Catalysts are often utilized to promote the urethane chain extension and preferably include tin compounds such as, for example, various stannous carboxylates such as stannous acetate, stannous octoate, stannous laurate, stannous oleate and the like; or dialkyl tin salts of carboxylic acids such as dibutyltin diacetate, dibutyltin dilaurate, dibutyltin maleate, dibutyltin di-2-ethylhexoate, dilauryltin diacetate, dioctyltin diacetate and the like. As an alternative or in addition to the above tin compounds, various tertiary amines can be used such as triethylamine, benzyldimethylamine, triethylenediamine, and tetramethylbutanediamine. The tin catalysts, when utilized, are generally used in amount of 0.5 parts or less, i.e., in the range of about 0.01 to 0.5 parts, by weight per 100 parts of prepolymer. The tertiary amine catalysts, when utilized, can be used in amounts of 0.01 to about 5 parts by weight per 100 parts of prepolymer. In addition to the above catalysts, further compounds which may be considered are: titanium, bismuth and antimony compounds, such as for example antimony triisopropoxide, antimony octcate, antimony tallate, bismuth salts of carboxylic acids with 2 to 20 carbon atoms, such as for example bismuth trioctanoate, dibutylbismuth octanoate, triphenylbismuth didecanoate and dibutyltitanium bis(acetylacetonate).

Further usable catalysts together with details of the mode of action of the catalysts are described in Kunststoff Handbuch volume VII, Polyurethane, edited by Vieweg Hochtlen, Carl Hanser Verlag, Munich 1966, for example on pages 96 to 102.

The amount of catalysts, when utilized, is generally from about 0.01 to about 1.0 parts by weight per 100 parts by weight of the prepolymer.

Stickiness to metal of the molten products of this invention can be reduced by the addition of maleated hydrocarbon polymers to the desired TPV composition (TPU/carboxylated NBR) either prior or subsequent to dynamic vulcanization. The various processing aids enhance processing properties. Such processing aids or agents are described herein above and accordingly fully incorporated by reference. Desirable processing agents are maleated polyethylene or maleated polypropylene, that is, a graft of maleic anhydride and polyethylene or polypropylene, maleated ethylene/α-olefin copolymers having an α-olefin content of from about 0 or 1 to about 55 wt %, said (α-olefins including propylene, 1-butene, 1 hexane, 1 octane, styrene and alkylated styrenes (methylstyrene, ethylstyrene). Further desired processing aids are maleated styrene-ethylene/butene-styrene triblock copolymer, maleated EP rubber, ethylene-acrylate-glycidylmethacrylate copolymers, ethylene-acrylate-acid functional rubber, ethylene/methyl acrylate/acid functional rubber (such as “Vamac” from Dupont), poly(ethylene/vinyl acetate/methacrylic acid), poly(ethylene/vinyl acetate)-graft maleic anhydride, poly(ethylene/glycidyl methacrylate) GMA), poly(ethylene/acrylic or methacrylic acid), poly(propylene/acrylic or methacrylic acid), maleic anhydride/α-olefin copolymers (such as maleic anhydride/1-octene copolymer), or maleic anhydride/styrene copolymers or combinations of the above mentioned processing agents can be used. Other desirable processing aids include polyethylene, polypropylene, ethylene-propylene rubber, EPDM rubber, or ethylene/1-olefin copolymers (such as ethylene /1-butene, ethylene/1-hexene, ethylene/1-octene) grafted with 1 to 6 weight percent of acrylic or methacrylic acid or 1 to 60 weight percent of styrene/acrylonitrile copolymer where acrylonitrile content can range from 5% to 95%. Preferred processing aids include maleated polypropylene, maleated polyethylene, maleated EP Rubber, and maleated ethylene/α-olefin rubber such as ethylene/butene copolymer.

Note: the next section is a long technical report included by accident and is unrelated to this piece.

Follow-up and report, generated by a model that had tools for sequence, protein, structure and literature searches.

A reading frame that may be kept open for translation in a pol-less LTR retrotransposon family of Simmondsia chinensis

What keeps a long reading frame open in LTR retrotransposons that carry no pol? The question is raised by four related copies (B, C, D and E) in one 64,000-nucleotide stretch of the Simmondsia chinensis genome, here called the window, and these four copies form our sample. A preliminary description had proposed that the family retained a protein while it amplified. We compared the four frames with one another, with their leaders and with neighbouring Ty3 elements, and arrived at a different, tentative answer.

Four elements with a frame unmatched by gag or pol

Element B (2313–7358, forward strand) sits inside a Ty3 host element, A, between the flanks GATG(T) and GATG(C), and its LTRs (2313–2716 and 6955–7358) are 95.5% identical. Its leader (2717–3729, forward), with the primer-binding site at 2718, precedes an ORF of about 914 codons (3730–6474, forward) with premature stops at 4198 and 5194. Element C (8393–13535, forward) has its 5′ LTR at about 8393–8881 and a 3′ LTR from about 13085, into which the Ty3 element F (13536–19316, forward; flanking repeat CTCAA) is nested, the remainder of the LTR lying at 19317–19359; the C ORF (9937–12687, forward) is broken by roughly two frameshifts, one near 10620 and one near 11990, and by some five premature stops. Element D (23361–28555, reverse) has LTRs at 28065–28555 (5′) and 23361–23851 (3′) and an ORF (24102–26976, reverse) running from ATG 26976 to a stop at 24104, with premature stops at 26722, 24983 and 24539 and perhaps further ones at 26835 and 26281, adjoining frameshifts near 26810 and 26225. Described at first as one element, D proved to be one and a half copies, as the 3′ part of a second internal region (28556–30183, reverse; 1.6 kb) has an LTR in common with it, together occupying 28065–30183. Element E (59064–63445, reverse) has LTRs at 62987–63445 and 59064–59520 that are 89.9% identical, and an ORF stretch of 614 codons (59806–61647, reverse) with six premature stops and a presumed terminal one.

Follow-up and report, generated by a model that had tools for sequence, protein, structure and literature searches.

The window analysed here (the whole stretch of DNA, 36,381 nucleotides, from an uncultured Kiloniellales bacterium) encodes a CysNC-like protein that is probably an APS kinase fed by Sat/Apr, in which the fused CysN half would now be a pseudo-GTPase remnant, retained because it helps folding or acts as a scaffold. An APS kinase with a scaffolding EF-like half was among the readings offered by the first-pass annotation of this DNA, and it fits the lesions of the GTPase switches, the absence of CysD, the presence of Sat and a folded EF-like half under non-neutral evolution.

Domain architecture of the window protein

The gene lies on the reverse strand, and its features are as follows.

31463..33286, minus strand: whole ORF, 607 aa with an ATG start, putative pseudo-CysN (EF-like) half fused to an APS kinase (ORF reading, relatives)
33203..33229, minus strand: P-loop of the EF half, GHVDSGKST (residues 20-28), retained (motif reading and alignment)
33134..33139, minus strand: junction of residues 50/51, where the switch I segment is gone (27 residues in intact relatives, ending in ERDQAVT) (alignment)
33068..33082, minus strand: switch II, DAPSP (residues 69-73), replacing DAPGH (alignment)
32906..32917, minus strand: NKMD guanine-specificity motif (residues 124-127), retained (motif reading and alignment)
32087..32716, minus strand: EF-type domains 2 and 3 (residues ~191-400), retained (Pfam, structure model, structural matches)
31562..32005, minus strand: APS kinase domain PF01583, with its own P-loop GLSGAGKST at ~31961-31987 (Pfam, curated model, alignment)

The amount of a processing or compatabilizing agent generally ranges from about 2 to about 20 parts by weight and preferably from about 5 to about 15 parts by weight based upon 100 parts per weight of the thermoplastic polyurethane resin.

As with thermoplastic vulcanizates of carboxylated nitrile rubber and polyester thermoplastics discussed herein above, the thermo-plastic vulcanizates of carboxylated nitrile rubber and thermoplastic polyurethanes are prepared by dynamic vulcanization which generally results in the formation of a compatible blend of the polyurethane as a continuous phase and the nitrile rubber as a discontinuous phase. However, other possible morphologies can also exist.

The nitrile rubber is cured utilizing various curative compounds including oxazoline, oxazine, and imidazolines such as bisimidazoline. More specifically, the nitrile rubber phase is cured via the bound acid functionality present, using addition type curing agents such as preferably 1,3-phenylene-bis 2,2′-(oxazoline-2), which avoids the generation of undesirable volatiles.